Software giant Intel is looking to guard a novel means to verify transactions on a distributed book. In a file published last Thursday from the U.S. Patent and Trademark Office, the company defines a technique by which it might partition and upgrade distributed ledgers automatically, with a processor able to independently verify that new blocks are legitimate and ready to be attached to the ledger. This is different in A common exploitation method advanced by blockchains like bitcoin, which rely on a network of nodes that are competing to verify and record transactions in exchange for rewards. Notably, the request explains that a few of those distributed ledger systems may also are block chains, but makes a distinction between two related technologies.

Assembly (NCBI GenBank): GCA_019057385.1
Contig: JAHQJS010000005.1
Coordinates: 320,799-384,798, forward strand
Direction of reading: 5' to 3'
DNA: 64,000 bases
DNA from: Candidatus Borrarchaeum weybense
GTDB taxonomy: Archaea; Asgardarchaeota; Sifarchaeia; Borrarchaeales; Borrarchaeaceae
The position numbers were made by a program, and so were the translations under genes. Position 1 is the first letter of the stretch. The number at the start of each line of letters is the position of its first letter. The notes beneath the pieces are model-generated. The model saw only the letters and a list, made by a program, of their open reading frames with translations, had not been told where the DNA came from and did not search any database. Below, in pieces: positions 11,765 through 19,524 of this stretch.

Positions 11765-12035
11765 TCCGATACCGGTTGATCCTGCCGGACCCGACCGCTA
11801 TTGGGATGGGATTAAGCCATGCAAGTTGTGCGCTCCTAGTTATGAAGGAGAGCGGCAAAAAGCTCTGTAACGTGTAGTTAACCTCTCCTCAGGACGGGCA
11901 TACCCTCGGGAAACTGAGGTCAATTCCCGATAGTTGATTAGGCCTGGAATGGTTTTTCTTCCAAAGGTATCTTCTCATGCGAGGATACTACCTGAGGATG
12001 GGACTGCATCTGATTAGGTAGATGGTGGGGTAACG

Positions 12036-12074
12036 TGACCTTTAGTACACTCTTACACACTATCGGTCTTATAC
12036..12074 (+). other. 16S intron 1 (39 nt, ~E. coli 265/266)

In accordance with the application, the physical computers would need to be pre programmed with certain parameters to determine how a block may be confirmed. But, discussing the scalability concerns facing blockchains today, the patent application also notes distributed ledgers might not be the most effective form of data storage. It says ledgers have scalability problems. When all the validators at a DLS needs to have a copy of all the transactions, all the transactions have to be broadcast to all the validators. These broadcasted transactions create an extremely large number of network messages. Because this would make a lot network messages, a DLS may impose important storage requirements and might not scale well, it adds. Intel picture via Shutterstock. The leader in blockchain information, CoinDesk is a media outlet that tries for the greatest journalistic standards and complies with a strict set of editorial policies. CoinDesk is an independent operating subsidiary of Digital Currency Group, which invests in cryptocurrencies and blockchain startups.